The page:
Domestic Terrorism: What It Is, And What It Isn't The Las Vegas shooting has again raised questions about domestic terrorism. The Patriot Act provides a definition, but because there are no actual criminal charges, some prefer not to use the term.
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What Is, And Isn't, Considered Domestic Terrorism

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What Is, And Isn't, Considered Domestic Terrorism

What Is, And Isn't, Considered Domestic Terrorism

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  • <iframe src="" width="100%" height="290" frameborder="0" scrolling="no" title="NPR embedded audio player">
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The investigation into the Las Vegas shooting is in the early stages, and already there's a debate over whether to call this crime an act of domestic terrorism. We're going to take a moment now to look at what is and isn't defined as terrorism. NPR national security correspondent Greg Myre is here. Hiya.


SIEGEL: First, who's calling what happened in Las Vegas domestic terrorism, and who isn't?

MYRE: Well, the president - he called it an act of pure evil. Law enforcement in the Las Vegas area - they say they still don't know the motive behind the attack. However, there are some members of Congress, both Republicans and Democrats, including the Democratic National Committee, who have tweeted out and said that this is terror or domestic terrorism.

SIEGEL: And what accounts for the difference?

MYRE: Well, you know, terrorism is not about the level of violence or how many people are killed. It's the motivation. And so far, we don't know what the shooter, Stephen Paddock, had in mind, whether this was personal or political. That's still under investigation. But then there's this very important distinction when we get to federal law because terrorism is defined as acting on the behalf of a foreign terror group.

Now, the State Department has a list of about 60 groups, many of them well-known - the Islamic State, al-Qaida. However, there's no actual criminal charge in the U.S. for domestic terrorism. So if you're acting alone or even on behalf of a U.S. group, it's not really considered terrorism.

SIEGEL: So there's no formal criminal charge for that. But doesn't it instill terror in people just the same?

MYRE: Oh, absolutely. We've been talking about exactly the same act, but it just - it depends whether or not you're acting on behalf of a illegal, foreign terror group. And in fact this is really the third case in the past several months where we've had a white male involved in a case where this debate has come up about domestic terrorism. There was Charlottesville back in August where the white nationalists were rallying and a suspect allegedly - he drove a car and killed a woman. But he's been charged with murder, not terrorism.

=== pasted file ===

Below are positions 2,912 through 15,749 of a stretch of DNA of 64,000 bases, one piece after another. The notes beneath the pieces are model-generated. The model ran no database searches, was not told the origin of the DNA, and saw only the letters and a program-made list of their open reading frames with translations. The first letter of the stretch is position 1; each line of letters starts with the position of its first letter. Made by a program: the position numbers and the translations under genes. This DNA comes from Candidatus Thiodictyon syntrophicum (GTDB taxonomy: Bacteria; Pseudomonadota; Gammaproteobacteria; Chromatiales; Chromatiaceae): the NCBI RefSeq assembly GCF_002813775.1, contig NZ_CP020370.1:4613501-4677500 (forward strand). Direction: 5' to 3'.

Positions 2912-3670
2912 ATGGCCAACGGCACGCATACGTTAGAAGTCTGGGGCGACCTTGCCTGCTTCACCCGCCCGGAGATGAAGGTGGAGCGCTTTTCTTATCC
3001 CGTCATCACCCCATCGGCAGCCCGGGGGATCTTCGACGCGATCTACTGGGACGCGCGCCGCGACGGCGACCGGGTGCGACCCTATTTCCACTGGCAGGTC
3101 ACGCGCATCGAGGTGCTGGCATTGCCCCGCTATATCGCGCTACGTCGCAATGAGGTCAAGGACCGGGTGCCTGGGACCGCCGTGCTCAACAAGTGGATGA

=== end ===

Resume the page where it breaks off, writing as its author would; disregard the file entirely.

In Alexandria, we had the shooting at the congressional Republicans practicing baseball. The attacker was killed there. We could go back and back all the way back to Timothy McVeigh, who killed 168 people with a bomb. It was not - he was not charged with terrorism.

SIEGEL: Is this mere semantics? Or why does it matter what we call it?

MYRE: Well, a lot of prosecutors and law enforcement people say it doesn't really matter. They say they have plenty of tools, whether it's murder charges or hate crimes or something like that, where they can do what they need to do. Now, the Patriot Act does actually define domestic terrorism, and this does give prosecutors expanded powers to carry out investigations. But again, there's no criminal charge that goes with it.

And there are some who say we are overlooking the threat of domestic terror because of the focus on foreign Islamic groups. But there's not really a big push to get a domestic terrorism charge, and a lot of people say this would put the government in the position of defining ideology and religion and defining certain groups that are not considered legitimate.

SIEGEL: And that could run up against problems with the First Amendment.

MYRE: Absolutely.

SIEGEL: That's NPR's Greg Myre. Thanks.

MYRE: Thank you.

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